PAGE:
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Travel vouchers can look tantalizing, but they’re loaded with conditions travelers don’t take into consideration

Before taking a voucher, travelers would be wise to make sure what it offers is insurable

Photo (c) globalmoments - Getty Images
Travel vouchers or a cash refund? If you said vouchers, one travel insurer thinks you should reconsider.

Even though airlines are feeling additional pressure to offer a cash refund for a canceled flight, they’d probably prefer sidelined passengers to take a voucher so they can keep the cash in hand. When faced with that decision, travel insurance comparison site Squaremouth’s Karsara Barto says consumers need to do their homework to understand what they’re getting with a voucher.

“If you're buying travel insurance now, it is important to understand that coverage may be impacted if you're using a voucher to book your trip. Coverage varies depending on the provider and can be dependent upon the documentation from your travel supplier,” she told ConsumerAffairs.

Those variants may be few in number, but Barto urges travelers to hit the pause button and think about a few key considerations.

The value of the voucher may not be insurable

There’s a veritable plane full of travel insurance companies. Still, they’re not all alike, and they all have a clause here or there that’s particular to their coverage that consumers should scrutinize closely. 

Some travel insurers lump vouchers in the same category as non-reimbursable expenses, like they do with reward points or frequent flyer miles. In this situation, Squaremouth says travelers should not pay to insure the value of their voucher because they may not be reimbursed if they wind up having to cancel their trip.

When ConsumerAffairs was working on our recent piece on airline refunds, a spokesperson for Airlines for America (A4A) pointed out that carriers were offering “future credit opportunities and other incentives” alongside the traditional voucher. While a “credit opportunity or other incentive” may sound like a viable consolation cocktail, it’s probably wise to call the travel insurance provider and make sure that any non-traditional incentive is covered just in case.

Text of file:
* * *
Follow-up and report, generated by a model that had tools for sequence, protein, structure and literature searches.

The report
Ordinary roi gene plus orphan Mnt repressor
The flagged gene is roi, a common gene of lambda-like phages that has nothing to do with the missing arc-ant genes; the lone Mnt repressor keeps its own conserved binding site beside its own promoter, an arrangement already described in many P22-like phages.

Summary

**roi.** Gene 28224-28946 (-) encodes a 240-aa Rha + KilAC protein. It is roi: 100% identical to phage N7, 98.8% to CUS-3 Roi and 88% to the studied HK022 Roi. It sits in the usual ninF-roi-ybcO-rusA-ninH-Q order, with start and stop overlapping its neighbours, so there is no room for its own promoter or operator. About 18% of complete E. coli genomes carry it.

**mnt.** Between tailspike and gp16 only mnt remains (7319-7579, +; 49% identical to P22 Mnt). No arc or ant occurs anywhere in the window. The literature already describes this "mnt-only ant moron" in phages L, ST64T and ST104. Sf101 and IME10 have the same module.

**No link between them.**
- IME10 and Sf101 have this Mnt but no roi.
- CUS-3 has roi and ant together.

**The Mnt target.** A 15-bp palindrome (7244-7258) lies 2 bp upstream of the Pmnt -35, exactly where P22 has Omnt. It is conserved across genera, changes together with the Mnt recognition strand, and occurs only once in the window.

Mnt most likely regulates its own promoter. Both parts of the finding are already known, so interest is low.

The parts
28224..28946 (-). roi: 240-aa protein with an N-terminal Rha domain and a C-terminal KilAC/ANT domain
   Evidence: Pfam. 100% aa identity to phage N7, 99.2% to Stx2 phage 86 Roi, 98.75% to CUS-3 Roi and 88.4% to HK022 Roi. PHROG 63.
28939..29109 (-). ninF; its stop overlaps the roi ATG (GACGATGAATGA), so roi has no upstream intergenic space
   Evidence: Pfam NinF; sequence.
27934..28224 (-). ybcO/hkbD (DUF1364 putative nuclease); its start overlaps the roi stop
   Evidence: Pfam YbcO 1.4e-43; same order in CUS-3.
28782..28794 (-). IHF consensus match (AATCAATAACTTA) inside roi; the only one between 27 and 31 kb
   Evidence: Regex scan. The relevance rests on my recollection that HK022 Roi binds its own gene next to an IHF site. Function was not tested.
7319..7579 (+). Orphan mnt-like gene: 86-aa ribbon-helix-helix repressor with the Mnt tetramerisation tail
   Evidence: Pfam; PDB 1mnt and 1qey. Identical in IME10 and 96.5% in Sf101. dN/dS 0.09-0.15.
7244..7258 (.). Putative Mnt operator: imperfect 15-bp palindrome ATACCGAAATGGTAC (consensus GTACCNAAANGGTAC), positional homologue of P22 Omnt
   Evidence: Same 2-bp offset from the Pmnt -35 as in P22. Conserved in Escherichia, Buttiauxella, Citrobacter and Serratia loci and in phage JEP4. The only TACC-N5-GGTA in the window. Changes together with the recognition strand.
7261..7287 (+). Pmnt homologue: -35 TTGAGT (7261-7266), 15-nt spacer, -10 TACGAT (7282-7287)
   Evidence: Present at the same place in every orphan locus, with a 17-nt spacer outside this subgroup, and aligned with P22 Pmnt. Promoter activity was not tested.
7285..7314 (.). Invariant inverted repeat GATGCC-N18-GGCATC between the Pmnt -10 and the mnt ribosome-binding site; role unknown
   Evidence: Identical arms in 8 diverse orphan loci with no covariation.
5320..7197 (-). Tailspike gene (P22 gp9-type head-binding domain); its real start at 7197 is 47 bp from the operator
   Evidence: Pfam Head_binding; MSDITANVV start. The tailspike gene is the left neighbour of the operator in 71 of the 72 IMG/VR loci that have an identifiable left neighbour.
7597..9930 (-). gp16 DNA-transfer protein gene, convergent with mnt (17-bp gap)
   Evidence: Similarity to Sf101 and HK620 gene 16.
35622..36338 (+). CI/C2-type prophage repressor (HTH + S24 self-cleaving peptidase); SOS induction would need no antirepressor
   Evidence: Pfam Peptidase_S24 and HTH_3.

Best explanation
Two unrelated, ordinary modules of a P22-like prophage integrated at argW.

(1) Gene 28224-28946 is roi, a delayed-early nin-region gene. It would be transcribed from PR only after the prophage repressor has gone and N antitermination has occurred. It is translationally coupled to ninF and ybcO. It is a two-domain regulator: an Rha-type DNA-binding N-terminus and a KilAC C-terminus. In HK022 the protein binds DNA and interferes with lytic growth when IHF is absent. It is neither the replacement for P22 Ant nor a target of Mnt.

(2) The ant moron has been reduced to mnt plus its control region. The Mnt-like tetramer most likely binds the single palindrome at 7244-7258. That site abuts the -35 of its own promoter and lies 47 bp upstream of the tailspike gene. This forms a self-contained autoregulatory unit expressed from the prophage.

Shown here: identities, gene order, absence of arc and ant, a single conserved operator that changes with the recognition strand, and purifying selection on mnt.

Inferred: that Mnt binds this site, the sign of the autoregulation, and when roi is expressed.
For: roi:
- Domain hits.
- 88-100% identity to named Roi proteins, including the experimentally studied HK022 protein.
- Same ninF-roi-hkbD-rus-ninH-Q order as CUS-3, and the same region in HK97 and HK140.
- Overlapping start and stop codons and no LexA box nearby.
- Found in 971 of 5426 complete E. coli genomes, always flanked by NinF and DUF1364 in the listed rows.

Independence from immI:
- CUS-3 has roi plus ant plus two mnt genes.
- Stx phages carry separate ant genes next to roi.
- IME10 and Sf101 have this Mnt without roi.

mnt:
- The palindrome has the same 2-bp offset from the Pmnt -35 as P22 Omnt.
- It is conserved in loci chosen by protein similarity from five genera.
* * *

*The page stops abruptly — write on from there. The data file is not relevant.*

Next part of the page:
If the travel supplier goes belly-up, refunds for vouchers are doubtful

If the company in charge of your trip goes bankrupt or is unable to provide a service, consumers will need to make sure the value of their trip is covered.

“With major travel providers like Norwegian Cruise Line and Virgin Atlantic warning of possible bankruptcy, travelers may turn to travel insurance to protect their voucher value,” Squaremouth says. 

On the other hand, if a travel supplier goes belly-up and files for bankruptcy before a trip is booked and insured, any traveler holding an unused voucher has little to no recourse. 

Time-sensitive benefits may not apply

If you’ve already got a trip booked but think that the open-ended nature of the pandemic calls for buying insurance, there are certain time-sensitive benefits to consider. Examples would be pre-existing condition coverage and Cancel for Any Reason coverage, which is typically only available for a limited period after a trip is first booked. 

That “first booked” part is important because if any portion of the new trip was rescheduled and not canceled completely, the original trip’s booking date will still apply. In that case, travelers may not be eligible for time-sensitive benefits.

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